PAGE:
"The economic costs of volatility can be very high," it says. Which of course is why carbon markets have already evolved futures trading and the other normal mechanisms for hedging such risks.
Is the Roundtable asking us to believe that BP or Rio Tinto Alcan or Fonterra, say, can cope with swings in commodity prices and exchange rates but not in carbon prices?
And why would the Roundtable prefer prices set by politicians to those set by a market?
Apparently "an ETS is much more open to political favouritism and abuse". The bill passed two months ago "provides for a great deal of ministerial and bureaucratic discretion which could well lead to inefficient, unfair and, at worst, corrupt outcomes".
But much of that relates to the need to exempt some firms from the rigour of a one-size-fits-all scheme. That will be just as true of a carbon tax.
Large trade-exposed emitters and officials are wrestling with how to allocate the free units that will limit the competitiveness effects of the ETS, while still exposing them to a carbon price at the margin.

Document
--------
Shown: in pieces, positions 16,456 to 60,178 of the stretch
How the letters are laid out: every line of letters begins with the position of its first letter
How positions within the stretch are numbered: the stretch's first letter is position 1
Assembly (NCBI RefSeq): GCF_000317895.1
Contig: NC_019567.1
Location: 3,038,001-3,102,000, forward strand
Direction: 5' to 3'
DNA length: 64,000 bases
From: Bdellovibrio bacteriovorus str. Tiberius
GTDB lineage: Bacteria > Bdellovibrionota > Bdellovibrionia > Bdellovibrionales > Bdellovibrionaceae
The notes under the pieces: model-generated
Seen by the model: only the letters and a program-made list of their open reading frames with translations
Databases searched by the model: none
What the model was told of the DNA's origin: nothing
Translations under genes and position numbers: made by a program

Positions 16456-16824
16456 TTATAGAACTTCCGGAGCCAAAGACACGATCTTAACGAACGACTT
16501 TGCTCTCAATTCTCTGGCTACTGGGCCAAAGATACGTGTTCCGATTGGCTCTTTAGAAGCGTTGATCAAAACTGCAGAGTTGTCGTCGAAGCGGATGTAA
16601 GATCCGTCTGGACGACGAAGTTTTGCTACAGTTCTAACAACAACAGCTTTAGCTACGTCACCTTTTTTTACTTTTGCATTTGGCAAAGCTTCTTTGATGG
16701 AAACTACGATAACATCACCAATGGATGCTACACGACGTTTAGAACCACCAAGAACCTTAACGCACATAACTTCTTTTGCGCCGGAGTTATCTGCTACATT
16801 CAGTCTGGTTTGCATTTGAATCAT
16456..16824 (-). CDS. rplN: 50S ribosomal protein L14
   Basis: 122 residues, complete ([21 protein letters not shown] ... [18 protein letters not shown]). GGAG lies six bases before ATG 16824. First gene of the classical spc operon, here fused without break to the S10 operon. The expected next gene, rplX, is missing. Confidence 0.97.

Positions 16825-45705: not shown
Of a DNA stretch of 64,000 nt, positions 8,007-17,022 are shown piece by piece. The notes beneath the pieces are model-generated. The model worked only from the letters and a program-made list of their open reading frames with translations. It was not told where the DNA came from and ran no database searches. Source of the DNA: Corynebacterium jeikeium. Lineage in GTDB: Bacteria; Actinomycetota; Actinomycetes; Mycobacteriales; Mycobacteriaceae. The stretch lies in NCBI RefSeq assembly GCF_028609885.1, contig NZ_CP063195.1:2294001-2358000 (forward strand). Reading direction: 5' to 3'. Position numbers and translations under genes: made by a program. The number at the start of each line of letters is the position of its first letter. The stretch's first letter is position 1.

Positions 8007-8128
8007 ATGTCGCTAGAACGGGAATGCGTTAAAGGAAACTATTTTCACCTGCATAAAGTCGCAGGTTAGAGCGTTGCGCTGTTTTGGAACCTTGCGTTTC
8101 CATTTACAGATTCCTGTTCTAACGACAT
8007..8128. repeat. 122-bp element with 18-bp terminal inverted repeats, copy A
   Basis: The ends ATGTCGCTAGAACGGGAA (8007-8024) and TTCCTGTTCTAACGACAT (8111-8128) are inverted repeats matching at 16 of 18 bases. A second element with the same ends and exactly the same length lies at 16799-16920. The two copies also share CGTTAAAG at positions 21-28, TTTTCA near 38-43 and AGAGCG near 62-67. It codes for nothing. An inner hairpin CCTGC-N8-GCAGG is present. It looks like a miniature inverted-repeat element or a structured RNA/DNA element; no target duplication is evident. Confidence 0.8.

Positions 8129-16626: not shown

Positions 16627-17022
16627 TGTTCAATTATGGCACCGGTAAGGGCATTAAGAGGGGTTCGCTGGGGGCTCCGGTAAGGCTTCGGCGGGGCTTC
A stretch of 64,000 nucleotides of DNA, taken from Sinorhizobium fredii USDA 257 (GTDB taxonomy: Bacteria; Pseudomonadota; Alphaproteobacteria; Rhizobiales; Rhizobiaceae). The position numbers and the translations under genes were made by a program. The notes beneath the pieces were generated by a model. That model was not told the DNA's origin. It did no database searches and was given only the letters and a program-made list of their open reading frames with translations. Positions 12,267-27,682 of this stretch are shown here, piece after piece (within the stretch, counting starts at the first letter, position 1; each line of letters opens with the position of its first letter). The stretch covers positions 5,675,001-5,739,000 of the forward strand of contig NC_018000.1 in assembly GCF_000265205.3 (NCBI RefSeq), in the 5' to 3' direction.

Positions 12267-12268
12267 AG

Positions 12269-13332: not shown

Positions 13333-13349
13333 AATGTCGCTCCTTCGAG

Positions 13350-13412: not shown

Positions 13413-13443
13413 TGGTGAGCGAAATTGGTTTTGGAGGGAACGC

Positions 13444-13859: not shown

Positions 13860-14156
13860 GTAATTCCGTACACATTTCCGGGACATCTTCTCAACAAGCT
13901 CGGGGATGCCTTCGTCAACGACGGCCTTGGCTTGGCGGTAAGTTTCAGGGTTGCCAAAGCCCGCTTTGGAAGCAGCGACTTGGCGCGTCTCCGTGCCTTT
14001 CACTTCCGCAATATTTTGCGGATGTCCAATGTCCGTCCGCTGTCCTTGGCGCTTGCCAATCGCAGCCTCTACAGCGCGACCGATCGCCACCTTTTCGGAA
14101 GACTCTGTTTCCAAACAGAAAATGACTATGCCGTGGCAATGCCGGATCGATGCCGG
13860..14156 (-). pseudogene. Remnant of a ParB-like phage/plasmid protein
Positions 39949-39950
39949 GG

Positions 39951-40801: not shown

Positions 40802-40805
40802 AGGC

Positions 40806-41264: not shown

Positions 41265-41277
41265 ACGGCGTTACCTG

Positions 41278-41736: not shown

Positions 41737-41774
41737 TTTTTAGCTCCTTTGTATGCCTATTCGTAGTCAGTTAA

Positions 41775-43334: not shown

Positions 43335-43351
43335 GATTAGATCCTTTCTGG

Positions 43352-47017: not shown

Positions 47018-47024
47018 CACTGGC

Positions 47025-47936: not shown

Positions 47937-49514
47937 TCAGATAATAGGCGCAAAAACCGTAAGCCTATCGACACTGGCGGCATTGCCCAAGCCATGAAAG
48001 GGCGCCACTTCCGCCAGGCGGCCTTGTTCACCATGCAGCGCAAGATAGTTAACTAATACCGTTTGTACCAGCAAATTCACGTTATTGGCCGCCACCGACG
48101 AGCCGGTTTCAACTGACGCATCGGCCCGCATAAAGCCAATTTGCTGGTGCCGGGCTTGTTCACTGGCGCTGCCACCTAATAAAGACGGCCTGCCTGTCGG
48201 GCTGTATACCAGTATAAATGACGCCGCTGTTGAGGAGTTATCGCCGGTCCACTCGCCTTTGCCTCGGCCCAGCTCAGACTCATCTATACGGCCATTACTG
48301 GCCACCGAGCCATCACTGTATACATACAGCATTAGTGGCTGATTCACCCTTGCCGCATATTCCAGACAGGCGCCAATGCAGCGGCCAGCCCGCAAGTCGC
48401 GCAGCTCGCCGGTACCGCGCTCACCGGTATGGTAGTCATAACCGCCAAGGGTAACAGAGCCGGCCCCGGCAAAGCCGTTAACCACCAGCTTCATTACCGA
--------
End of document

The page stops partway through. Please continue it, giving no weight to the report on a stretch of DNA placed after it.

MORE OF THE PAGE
When a carbon tax was Government policy there was provision for negotiated greenhouse agreements with major emitters intended to achieve the same thing. Such are the complexities that only two were concluded.
The really big questions about a carbon tax, of course, are how to strike a tax rate and how often to adjust it.
The closer the tax is to the prices available in the carbon market the less commercial benefit there is for emitters.
But the wider the gap, the more the economic burden falls on taxpayers instead, and it is emitters' behaviour, not taxpayers', that needs to change.
Similarly the pleas - so far very successful - from the farm sector for special treatment are essentially a call for export subsidies.
Yet we don't hear them calling for New Zealand to revert to subsidising farmers in conventional ways just because other countries do so. What's the difference?
The Roundtable's real motivation is clear when it suggests that an initial tax should not exceed the $5 to $10 a tonne of CO2 range.
By contrast, high-quality certified emissions reduction (CER) units, which officials expect to set the marginal price in the New Zealand ETS, are trading around $34.
Let's hope Finance Minister Bill English, with future Budgets and the interests of taxpayers in mind, pushes back against this special pleading.